Of catnaps and body clocks

You've travelled half way round the world, it's 4am and your body thinks it is time for lunch. So, do any of those jet-lag cures work?

I've just returned from a semi-circumnavigation of the globe (London to the West Coast of America, back to London, out to Hong Kong and Indonesia and back to London again). Two-and-a-half weeks and several time zones out of kilter and I'm probably still somewhere in Asia gearing up for a cocktail when the scientific reality is just past lunchtime in London. So what's the cure?

I've just returned from a semi-circumnavigation of the globe (London to the West Coast of America, back to London, out to Hong Kong and Indonesia and back to London again). Two-and-a-half weeks and several time zones out of kilter and I'm probably still somewhere in Asia gearing up for a cocktail when the scientific reality is just past lunchtime in London. So what's the cure?

It's generally accepted as easier to acclimatise when flying west as our bodies seem better equipped to cope with longer days, but there are as many cures for jet lag as there are for hiccups (among the more far-fetched being lining your shoes with brown paper and twirling in different directions according to whether you're flying east or west).

The short answer to the complex machinations of our circadian rhythms (the internal body clock that tells us when it's time to get up and time to go to bed) is that there is no real remedy. According to Dr David Flower, specialist occupational physician with British Airways - who, along with NASA's scientists, has been researching the effects of jet lag - the answer lies in strategic napping: "About 50 per cent of all long-haul travellers never take into consideration the effects of jet lag when travelling. The most important thing is our basic sleep requirement, which on average is about eight hours a night. For the majority of the population, if you're not getting eight hours a night you're gradually building up a sleep debt. The very real physiological problem is the body adjusting to the light-dark cycle."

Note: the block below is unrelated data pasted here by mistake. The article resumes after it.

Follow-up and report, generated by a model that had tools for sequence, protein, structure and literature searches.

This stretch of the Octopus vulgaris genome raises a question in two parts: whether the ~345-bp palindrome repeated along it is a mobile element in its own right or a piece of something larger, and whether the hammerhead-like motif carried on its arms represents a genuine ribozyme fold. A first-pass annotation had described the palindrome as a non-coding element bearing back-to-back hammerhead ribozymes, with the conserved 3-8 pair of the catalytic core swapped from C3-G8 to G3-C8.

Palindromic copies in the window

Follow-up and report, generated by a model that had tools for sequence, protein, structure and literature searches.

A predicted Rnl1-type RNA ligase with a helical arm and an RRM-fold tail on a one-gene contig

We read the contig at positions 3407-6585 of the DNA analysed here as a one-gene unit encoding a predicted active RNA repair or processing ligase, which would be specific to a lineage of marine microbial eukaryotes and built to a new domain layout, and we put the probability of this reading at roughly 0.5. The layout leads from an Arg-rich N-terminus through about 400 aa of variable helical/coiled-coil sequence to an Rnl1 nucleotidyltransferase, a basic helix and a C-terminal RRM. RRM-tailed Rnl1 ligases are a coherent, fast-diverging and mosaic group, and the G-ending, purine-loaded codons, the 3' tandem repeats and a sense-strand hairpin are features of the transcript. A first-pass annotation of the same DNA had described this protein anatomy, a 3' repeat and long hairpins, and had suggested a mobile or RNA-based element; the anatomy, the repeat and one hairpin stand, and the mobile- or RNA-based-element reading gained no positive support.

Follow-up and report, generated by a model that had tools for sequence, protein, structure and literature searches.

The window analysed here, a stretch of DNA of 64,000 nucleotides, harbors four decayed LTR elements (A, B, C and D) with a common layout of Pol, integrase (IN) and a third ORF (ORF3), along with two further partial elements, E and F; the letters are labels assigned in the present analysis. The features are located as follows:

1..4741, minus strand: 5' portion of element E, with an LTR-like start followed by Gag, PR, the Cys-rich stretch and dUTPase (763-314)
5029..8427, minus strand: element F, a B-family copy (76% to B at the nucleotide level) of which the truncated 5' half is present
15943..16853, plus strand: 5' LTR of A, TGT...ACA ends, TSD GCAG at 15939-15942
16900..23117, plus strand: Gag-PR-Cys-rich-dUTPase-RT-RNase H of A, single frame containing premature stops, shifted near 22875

To compensate for this, Flower recommends napping. On arrival you should try to sleep for a short time and then manage your sleep in such a way that you still feel refreshed but gradually force your body into the new time zone.

After two days, your body is much closer to the time zone you are visiting than the one you left. However, he adds that, if your trip is short, it can be best to try and stick to your regular time and not adapt at all.

Other things you can do to help counter the effects of air travel are as follows. First, if you can sleep on planes, try to book a night flight and sleep as much as possible during the journey. Secondly, because of the amount of recycled air in aeroplane cabins, it's a good idea to give alcohol a miss and drink plenty of water to keep hydrated.

Then there are various remedies you could try. Few of these have been scientifically proven so it's a case of trial and error, but taking vitamins, drinking carrot juice, exercising and having a massage or acupuncture treatment before take-off are all favoured remedies of frequent flyers.

Over-the-counter tablets and aids which promote sleep can help to push the body clock into the local time zone at bedtime and are certainly useful. The use of melatonin (a food supplement available over the counter abroad and on prescription in Britain) is one of the most popular of these. This works by promoting the secretion of seratonin, a sleep-producing chemical usually secreted by the body naturally about an hour before our regular bedtime. However, there is a lack of research into its long-term effects so the use of melatonin is not recommended by British doctors.

For more ideas, read on. In his book Jet Lag: How to Beat it (Ascendant Publishing, £11.95), Dr David O'Connell offers various suggestions on how to combat jet lag. For a more alternative treatment, The Complete Healthcare Centre at 160 City Road, London EC1V 2NP (0171-336 0466) has been running a special course of jet-lag treatments for several years.

Acupuncturist Huw Griffiths explains that "it's not just about sleep deprivation - it's got a lot to do with balancing internally and externally".

You take an Australian flower essence hourly during the flight and for three days on your return and supplement this with acupuncture and aromatherapy treatments. It's also worth perusing the in-flight magazines as many airlines offer helpful hints and exercises to try during your flight.

As for me, after various combinations of melatonin, Simply Sleep (an over-the-counter American sleeping aid), several gallons of Evian and dozens of catnaps, I am still waking up at an unusually early hour and don't have as great a need for food as usual. Apparently it takes the average person a day per time zone to readjust, so I should be right as rain by the middle of next week.

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